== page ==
Sean attempted to rationalize his previous sightings of this stranger and then considered his options to allowing him into his home, but his furiously firing neurons came up empty on both counts.
“The alternative is we spend the evening in these cozy confines, where I will have a captive audience, and you’ll be trying to figure out how to eat that lasagna with your fingers without getting tomato sauce all over your shirt. Whaddya say? Upstairs?”
Sean decided that he was no more interested in remaining cooped up with this strange messenger, if that’s what he was, than his cab mate seemed to be. At least his condo would offer him some maneuvering room if he needed it, though something told Sean he was at no risk from his odd elevator companion. “Okay, the apartment it is.”
Instantly, the elevator began to rise.
Ataturk put the still-burning torch into a bronze urn beside the altar, and knelt in front of it. He spent a few moments contemplating the feat he was about to undertake.
Almost a century ago, after receiving the Book of the Law from the Egyptian god Horus, Aleister Crowley arrived in Cefalù to impart the wisdom and philosophy of Thelema to those who wished to understand the power of the magic that came from sexual release in every imaginable and inconceivable fashion. “Do what thou wilt,” was the guiding principle of Crowley’s Thelemites, and in short order, he had attracted a small but dedicated following.
And they did what they wilt. Orgies of every permutation, ritual animal sacrifice, and all manner of inhibition-reducing substances enhanced the practice of the black arts at the Abbey until the townsfolk, in their ignorance and superstition, brought Mussolini’s fascists in to bring a halt to proceedings. But when the soldiers arrived, Crowley disappeared, and the remaining Thelemites were either dead or insane.
It had been five years since Ataturk had first gazed upon the Abbey of Thelema. For nearly a century it had lain abandoned, left to nature to reclaim the two buildings that made up the estate. The occasional Crowley acolyte would make a pilgrimage to the place and be disappointed to find that the flora had done its work. Ivy invaded the mortar between native stones, freeing gravity to have its way with the walls. The once red roof tiles had turned a vile, green-black shade of algae. When Ataturk arrived at the Abbey to reclaim his heritage, the place cried to him for redemption. Instead of ruin and dereliction, he sensed a spiritual strength and sacred power. Where others saw decay and neglect, he divined the strong bones of a reincarnated Abbey, one that would pay homage to its former iteration and re-establish the place as the center of the brand of magic that made his great-grandfather both revered and reviled.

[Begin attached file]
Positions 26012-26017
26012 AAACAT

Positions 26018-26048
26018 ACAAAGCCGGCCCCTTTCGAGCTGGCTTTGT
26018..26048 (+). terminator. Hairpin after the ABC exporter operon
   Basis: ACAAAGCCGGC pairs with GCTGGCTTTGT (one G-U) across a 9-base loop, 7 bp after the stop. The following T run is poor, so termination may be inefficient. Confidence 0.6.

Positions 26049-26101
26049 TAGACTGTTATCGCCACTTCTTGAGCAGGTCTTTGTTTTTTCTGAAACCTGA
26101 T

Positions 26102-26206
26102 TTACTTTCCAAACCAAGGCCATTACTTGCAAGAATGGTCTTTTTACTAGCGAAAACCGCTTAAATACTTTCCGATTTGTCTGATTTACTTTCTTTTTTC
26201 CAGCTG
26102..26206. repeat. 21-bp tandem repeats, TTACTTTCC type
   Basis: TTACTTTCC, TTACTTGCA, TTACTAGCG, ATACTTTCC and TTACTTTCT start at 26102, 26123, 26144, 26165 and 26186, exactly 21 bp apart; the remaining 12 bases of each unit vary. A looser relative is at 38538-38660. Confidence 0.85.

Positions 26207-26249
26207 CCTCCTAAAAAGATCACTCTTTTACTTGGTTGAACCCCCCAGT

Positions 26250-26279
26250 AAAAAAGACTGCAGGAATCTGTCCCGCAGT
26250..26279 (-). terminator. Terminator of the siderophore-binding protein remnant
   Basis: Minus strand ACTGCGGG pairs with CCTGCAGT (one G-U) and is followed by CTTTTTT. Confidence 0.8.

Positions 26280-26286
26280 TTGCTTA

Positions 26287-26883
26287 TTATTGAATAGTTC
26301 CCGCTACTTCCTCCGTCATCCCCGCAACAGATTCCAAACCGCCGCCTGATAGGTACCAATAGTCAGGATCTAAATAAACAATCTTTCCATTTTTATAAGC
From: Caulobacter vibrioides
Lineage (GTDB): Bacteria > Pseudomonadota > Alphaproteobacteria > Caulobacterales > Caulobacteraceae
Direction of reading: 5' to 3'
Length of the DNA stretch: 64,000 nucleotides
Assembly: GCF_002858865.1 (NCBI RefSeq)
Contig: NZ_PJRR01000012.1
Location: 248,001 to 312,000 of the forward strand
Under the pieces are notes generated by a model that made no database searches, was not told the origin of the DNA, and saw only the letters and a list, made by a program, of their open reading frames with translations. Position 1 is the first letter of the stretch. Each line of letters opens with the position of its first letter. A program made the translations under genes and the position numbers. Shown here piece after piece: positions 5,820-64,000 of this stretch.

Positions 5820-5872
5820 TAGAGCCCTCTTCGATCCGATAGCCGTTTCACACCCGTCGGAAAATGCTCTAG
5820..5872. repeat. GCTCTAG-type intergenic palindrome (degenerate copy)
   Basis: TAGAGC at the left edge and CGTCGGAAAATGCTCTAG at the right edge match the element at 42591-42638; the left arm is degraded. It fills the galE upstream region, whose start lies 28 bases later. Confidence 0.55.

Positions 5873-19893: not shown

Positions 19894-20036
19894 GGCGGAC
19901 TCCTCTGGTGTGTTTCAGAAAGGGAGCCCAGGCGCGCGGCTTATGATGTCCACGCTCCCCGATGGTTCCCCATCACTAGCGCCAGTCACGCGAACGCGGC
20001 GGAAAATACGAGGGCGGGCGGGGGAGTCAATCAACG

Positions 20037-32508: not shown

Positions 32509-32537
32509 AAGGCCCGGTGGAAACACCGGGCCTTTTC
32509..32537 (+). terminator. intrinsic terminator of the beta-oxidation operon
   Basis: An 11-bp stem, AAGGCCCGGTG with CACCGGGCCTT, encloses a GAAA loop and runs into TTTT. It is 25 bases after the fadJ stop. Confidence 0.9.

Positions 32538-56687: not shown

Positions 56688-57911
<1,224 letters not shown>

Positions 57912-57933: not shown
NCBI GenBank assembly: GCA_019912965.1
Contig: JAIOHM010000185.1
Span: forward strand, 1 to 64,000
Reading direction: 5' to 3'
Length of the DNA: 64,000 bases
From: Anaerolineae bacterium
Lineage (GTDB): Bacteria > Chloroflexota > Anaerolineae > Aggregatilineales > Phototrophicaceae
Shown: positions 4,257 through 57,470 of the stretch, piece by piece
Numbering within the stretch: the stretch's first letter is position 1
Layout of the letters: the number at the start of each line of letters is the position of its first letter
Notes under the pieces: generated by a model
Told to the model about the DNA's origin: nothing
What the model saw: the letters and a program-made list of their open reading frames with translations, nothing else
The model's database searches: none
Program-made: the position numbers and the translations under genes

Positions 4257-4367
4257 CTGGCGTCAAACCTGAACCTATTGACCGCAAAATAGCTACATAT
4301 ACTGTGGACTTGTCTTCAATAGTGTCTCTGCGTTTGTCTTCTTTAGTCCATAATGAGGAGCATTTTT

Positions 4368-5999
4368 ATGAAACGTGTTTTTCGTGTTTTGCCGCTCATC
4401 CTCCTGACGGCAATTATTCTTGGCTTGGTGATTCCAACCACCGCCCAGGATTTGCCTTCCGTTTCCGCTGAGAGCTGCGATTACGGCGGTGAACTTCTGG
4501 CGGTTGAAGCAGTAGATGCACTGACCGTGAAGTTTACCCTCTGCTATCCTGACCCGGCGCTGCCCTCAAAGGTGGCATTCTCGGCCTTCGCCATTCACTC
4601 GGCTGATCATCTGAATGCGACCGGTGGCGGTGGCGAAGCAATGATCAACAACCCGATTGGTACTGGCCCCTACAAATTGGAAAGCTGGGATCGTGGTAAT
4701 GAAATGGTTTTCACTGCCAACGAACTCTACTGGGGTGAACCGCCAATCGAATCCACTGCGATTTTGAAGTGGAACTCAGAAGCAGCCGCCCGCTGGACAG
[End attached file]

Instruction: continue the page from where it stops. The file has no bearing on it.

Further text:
Some recalcitrant members of the vaunted Italian bureaucracy were not readily inclined to recognize Ataturk as the rightful heir to the Sicilian villa, and his claim took nearly two years to perfect. But his cadre of well-paid lawyers in Rome and Palermo, their relationships with the local politicos and their Mafiosi bosses, and the generous distribution of euros amongst them, ensured that all claims, disputes, and assertions to the contrary were settled in favor of Crowley’s great-grandson.
On his ascension to the leadership of the reconstituted Thelemites, Ataturk abandoned his birth name of Levi—given to him by his mother, who had no connection to Judaism but was obsessed with anagrams—and took the name of his grandfather, Ataturk, the son of Crowley. In that way he believed he could be closer to his sire, bound for the greatness that was always intended for the most powerful magician ever to master the darkest of the dark arts. With this assumption of his birthright and the position of master of the Abbey of Thelema, Ataturk devoted his being to the rededication of the holy place where he now stood, and to the teachings and practices of the first to sanctify this site—he who was the voice of Aiwass, the leader of the Ordo Templi Orientis, scribe of the Book of the Law, and his great-grandfather: Aleister Crowley.
Now, on this most auspicious day, as he knelt in front of the altar and prepared to summon his gods, Ataturk felt an unholy pride in what he had accomplished. Much has happened, but much has yet to happen. From Aleister Crowley, I received two gifts: this haven for the practice of my arts, and the power to use them that no other man possesses.
Thank you, Great-Grandfather.